Recently, Wilkinson College of Arts, Humanities, and Social Sciences invited PJ Flores, Keila Villegas, and Kayla Asato of Orange County Environmental Justice (OCEJ) to discuss local environmental injustices in the latest Engaging the World: Leading the Conversation on Environmental Justice (ETW) event, “Bringing the Fight for Environmental Justice to Orange County.” OCEJ is a non-profit advocacy group dedicated to fighting for environmental justice in the areas adjacent to Chapman University. Engaging the World: Leading the Conversation on Environmental Justice facilitates conversations between the Chapman community and those involved in the fight for environmental justice to highlight the disproportionate impact of environmental toxicity on populations based on race, ethnicity, nationality, and social standing. These dialogues give students the opportunity to “truly learn what it means to become a global citizen,” says Dr. Reginald Stuart, Vice President of Diversity, Equity, & Inclusion at Chapman University, “and also to understand how what they learn in classrooms can impact the world they live in.”

Examining OC’s History

During the event, PJ Flores, Project Director at OCEJ, emphasized the importance of examining Orange County’s history of Spanish, Mexican, and U.S. colonization of Indigenous lands. According to Flores, “what we’re facing now in terms of droughts, wildfires, massive air pollution and land pollution are results of taking away the right of custodianship from Indigenous peoples [and] taking away the rights to remain on their traditional lands, and from the history of enslavement and exploitation of migrant people throughout [Orange County] that has created the empire of industry that we see now.”

Flores began the Defending the Sacred campaign to protect the historical village of Puvungna in the area known as Long Beach, California. The Cal State Long Beach campus is built over Puvungna, a place of gathering where the Acjachemen and Tongva nations still gather in ceremony and celebration. Friends of Puvungna filed a lawsuit against Cal State Long Beach to stop the university from building over the remaining twenty-two acres.

A few days after Flores’s presentation, Cal State Long Beach (CSLB) finally reached a settlement agreement to perpetually protect Puvungna land from development. This victory for the environmental justice movement, and the role that groups like OCEJ play in moving the needle, underscores the importance of having open conversation and developing awareness of local environmental justice campaigns.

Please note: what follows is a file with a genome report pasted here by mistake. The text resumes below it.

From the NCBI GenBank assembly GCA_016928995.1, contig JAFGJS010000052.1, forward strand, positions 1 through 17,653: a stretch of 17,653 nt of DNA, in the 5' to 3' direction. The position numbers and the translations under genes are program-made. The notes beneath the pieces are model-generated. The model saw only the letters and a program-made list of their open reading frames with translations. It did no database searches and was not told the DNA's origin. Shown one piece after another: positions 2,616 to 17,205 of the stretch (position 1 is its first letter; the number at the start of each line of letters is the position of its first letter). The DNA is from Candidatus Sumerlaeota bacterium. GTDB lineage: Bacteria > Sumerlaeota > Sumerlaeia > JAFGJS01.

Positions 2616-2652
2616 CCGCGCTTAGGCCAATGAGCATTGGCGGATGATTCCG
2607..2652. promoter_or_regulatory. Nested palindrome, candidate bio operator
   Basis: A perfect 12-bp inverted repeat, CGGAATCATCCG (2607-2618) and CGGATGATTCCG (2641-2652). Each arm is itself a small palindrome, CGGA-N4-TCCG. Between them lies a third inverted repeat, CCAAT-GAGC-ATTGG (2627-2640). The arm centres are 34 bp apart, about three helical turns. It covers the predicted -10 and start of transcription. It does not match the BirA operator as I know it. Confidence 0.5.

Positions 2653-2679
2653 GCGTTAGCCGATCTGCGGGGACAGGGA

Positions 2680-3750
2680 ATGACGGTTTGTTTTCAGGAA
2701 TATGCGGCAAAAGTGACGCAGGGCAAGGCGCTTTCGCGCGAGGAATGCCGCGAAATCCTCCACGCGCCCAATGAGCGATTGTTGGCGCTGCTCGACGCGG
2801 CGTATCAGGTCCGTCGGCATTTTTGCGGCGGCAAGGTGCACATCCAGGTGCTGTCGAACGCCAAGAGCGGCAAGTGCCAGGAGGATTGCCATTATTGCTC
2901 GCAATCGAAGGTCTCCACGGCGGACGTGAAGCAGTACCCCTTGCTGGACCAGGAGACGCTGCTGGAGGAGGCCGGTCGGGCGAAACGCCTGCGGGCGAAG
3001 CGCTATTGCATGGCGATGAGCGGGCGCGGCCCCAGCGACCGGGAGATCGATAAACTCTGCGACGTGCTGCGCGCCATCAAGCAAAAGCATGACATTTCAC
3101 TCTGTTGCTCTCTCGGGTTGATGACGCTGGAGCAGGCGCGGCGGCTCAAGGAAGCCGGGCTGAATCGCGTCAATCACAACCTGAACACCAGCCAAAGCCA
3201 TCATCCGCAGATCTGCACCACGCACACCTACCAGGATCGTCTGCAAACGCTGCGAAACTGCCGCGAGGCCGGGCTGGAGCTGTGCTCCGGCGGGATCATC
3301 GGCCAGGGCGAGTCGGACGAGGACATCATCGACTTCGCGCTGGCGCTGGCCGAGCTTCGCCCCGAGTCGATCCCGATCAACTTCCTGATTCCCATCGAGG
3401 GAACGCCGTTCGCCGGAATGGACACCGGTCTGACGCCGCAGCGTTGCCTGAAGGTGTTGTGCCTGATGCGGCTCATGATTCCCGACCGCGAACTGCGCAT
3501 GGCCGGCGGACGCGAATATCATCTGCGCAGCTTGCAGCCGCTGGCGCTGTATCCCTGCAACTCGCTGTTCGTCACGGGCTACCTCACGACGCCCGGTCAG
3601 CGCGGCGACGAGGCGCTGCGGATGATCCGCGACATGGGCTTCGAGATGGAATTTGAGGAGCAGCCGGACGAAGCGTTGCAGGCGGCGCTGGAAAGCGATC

“We see on the news every single day that the world is going up in flames—it’s important to recognize that there are organizations at the grassroots level continuing this work and asking you not to give up hope yet,” OCEJ Community Organizer Keila Villegas

Advocating for Low-income Communities

Research compiled by OCEJ highlights the disproportionate impact of air pollution and water contamination on people of color in low-income communities in Orange County. Flores emphasized that the lead contamination crisis persists in Santa Ana, which places young children at risk for disruptions in brain development. OCEJ works with residents in low-income and impacted communities by holding workshops and public forums. “If these are the folks who are facing the highest burden from these issues,” says Flores, “then these are the people who need to be leading our fights and creating solutions.”

By working with UC Irvine and other academic partners, OCEJ compiles and analyzes data, and develops action plans with community stakeholders. Keila Villegas, Community Organizer at OCEJ, introduced Orange County Environmental Justice’s active campaigns, including PloNo Santa Ana, or “Lead Free Santa Ana,” which advocates for low-income communities in Santa Ana impacted by lead contamination. In November of 2020, OCEJ delayed the adoption of a General Plan Update in order to negotiate language with the Santa Ana City Planning Commission to address and remediate the issue, and has succeeded in establishing policy language in terms of increased lead testing.

For those looking to get involved in environmental justice advocacy at the local level, Flores, Villegas, and Asato encourage students to visit Orange County Environmental Justice’s website and follow @ocenvironmentaljustice on Instagram. OCEJ also runs an Environmental Justice Summer Organizing Academy, which offers two curriculum tracks—grassroots and electoral organizing—for implementing policy changes, allocating funds, and promoting indigenous sovereignty.